A Blend of Life, Family, Awareness & Tales

Archive for April, 2012

Caged.

Cage Fitness™, where do I start?

Well first of all, there is no cage.

As I have alluded to before, I am by no means a fitness authority. While I am active, I have never really enjoyed any organized exercise. I have taken part in several different classes over the years; pilates, yoga, a couple of different fitness boot camps, a short stint with Kung Fu and water aerobics. (I have to say I LOVED the water aerobics but the classes aren’t really convenient for me.) As a child and teen I worked with and rode horses every day. Hidden in day to day care and training for competition was exercise, but it was a benefit of riding, not the reason.

So much to my surprise, I took a trial Cage Fitness™ class at my daughter’s martial arts school and loved it. I loved every sweaty, exhausting 30 minutes of it. This class is perfect for me. We work out for five 5-minute rounds. Each round consists of about six different exercises, working the upper and lower body as well as your core. I work only with a grappling dummy, no partners (although my classmates are great!), and there is constant variety which keeps it very interesting. I have no experience with other locations, but our academy here in town has fabulous instruction that motivates me to work harder. Plus, if for no other reason you get to punch the dummy. Really. Hard.

This is the best part! Photo by Brandon Tracy

I will not go into the details. I am not a big enough expert to describe the exercises, and you really need to see or try the class to get the idea. But I will say that I have lost some pounds, I am stronger, and when I look in the mirror there is no doubt I am tightening up. When I started the class I felt very clumsy and self-conscious, but through practice and encouragement from both instructors and fellow classmates, I feel a bit more coordinated and confident.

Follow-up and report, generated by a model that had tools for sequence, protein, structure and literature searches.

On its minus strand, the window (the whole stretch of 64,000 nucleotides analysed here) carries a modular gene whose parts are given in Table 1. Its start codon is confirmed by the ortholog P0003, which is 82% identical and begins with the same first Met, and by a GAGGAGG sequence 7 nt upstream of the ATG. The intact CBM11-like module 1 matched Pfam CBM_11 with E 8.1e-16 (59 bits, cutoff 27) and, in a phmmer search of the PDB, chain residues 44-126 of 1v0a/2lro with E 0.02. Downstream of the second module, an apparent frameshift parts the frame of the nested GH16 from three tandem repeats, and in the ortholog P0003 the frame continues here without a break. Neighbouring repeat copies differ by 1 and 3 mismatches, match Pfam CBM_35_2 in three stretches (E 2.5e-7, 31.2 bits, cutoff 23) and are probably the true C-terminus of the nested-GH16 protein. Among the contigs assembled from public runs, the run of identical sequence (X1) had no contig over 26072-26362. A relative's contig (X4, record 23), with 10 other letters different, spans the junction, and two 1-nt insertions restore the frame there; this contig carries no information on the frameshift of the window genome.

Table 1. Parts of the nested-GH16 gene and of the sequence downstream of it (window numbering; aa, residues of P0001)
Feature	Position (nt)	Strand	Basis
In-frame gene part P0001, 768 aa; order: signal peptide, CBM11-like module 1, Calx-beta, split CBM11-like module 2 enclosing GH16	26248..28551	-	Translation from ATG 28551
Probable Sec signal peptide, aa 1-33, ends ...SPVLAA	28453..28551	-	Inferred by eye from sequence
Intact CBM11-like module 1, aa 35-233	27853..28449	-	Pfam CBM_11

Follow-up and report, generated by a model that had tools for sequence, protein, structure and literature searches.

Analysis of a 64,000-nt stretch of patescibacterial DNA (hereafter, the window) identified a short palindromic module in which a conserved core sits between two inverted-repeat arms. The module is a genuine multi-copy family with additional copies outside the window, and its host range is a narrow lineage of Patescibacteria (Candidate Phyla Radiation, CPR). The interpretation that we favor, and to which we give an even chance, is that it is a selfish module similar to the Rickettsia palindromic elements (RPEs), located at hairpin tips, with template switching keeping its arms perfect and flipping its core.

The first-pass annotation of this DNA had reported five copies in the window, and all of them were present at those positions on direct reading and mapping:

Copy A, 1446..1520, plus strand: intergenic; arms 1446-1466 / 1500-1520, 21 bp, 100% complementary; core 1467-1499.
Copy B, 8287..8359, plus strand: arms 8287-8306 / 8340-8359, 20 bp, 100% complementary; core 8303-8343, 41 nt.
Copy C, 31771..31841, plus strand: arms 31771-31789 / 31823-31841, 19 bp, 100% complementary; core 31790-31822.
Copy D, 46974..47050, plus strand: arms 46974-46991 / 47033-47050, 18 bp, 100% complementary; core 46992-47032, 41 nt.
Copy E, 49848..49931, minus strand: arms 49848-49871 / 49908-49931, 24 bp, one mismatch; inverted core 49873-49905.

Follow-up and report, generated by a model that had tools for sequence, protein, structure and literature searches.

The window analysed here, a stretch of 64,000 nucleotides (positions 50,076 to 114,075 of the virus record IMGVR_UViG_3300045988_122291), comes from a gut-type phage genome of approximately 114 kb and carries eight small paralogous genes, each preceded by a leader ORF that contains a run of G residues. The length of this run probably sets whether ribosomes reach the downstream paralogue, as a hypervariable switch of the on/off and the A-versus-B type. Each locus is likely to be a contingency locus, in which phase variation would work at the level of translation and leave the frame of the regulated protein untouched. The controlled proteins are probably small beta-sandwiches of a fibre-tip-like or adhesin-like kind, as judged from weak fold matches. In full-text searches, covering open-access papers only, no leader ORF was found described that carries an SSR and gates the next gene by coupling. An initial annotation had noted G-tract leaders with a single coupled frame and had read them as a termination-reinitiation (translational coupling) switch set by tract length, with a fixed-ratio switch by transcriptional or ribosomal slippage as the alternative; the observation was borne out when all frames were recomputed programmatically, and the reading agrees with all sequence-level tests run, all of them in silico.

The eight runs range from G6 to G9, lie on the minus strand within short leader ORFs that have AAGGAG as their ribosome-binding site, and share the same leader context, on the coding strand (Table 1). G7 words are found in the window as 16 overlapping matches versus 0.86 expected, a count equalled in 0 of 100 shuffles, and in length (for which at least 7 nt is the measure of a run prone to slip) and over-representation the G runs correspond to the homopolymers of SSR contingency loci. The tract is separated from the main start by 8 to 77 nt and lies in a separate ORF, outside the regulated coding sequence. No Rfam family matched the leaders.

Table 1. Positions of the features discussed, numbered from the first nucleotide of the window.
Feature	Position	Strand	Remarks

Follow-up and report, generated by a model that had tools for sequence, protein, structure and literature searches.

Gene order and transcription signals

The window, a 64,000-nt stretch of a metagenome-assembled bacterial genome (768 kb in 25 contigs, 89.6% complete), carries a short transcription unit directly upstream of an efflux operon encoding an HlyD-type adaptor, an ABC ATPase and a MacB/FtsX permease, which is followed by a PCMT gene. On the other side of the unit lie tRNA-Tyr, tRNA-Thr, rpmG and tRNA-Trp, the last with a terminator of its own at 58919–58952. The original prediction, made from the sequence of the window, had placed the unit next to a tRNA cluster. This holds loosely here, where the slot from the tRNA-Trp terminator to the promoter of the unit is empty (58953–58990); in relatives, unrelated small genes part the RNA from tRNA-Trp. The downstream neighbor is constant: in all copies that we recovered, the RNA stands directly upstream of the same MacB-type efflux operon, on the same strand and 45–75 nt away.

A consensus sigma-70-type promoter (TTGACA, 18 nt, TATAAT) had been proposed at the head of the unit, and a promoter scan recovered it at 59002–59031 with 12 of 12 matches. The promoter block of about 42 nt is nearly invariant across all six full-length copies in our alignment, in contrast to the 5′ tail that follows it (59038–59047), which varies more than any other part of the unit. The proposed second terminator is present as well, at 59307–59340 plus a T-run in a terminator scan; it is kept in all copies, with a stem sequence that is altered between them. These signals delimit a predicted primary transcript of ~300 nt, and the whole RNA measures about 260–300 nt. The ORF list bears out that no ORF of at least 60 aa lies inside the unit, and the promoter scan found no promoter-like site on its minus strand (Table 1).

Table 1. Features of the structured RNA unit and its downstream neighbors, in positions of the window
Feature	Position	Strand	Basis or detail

So much harder than it looks. Photo by Brandon Tracy

Cage Fitness™ is just plain fantastic. If you live here in town, I highly recommend taking a free trial. If you don’t, check out here to see if there is a class near you.

Sleepover.

Since my little girl was old enough to make friends I have been dreading the tear-filled conversation we were going to have when she wasn’t invited to an overnight party because of her diabetes. My concern that some Monday morning all of her classmates would be reminiscing about staying up all Saturday night, and then asking her why she wasn’t there.

Little did I know this was an unnecessary worry. My little girl is giggling in another room with eight other girls,watching movies and slowly settling to sleep. Little did I know how open and accommodating another family could be, allowing me to crash their party, eat their pizza and even sleep on their couch (and drink a little of their wine too!). I so appreciate the kindness of this family to not exclude our little girl just because it might have been difficult, just because they knew that I might have to tag along for the night.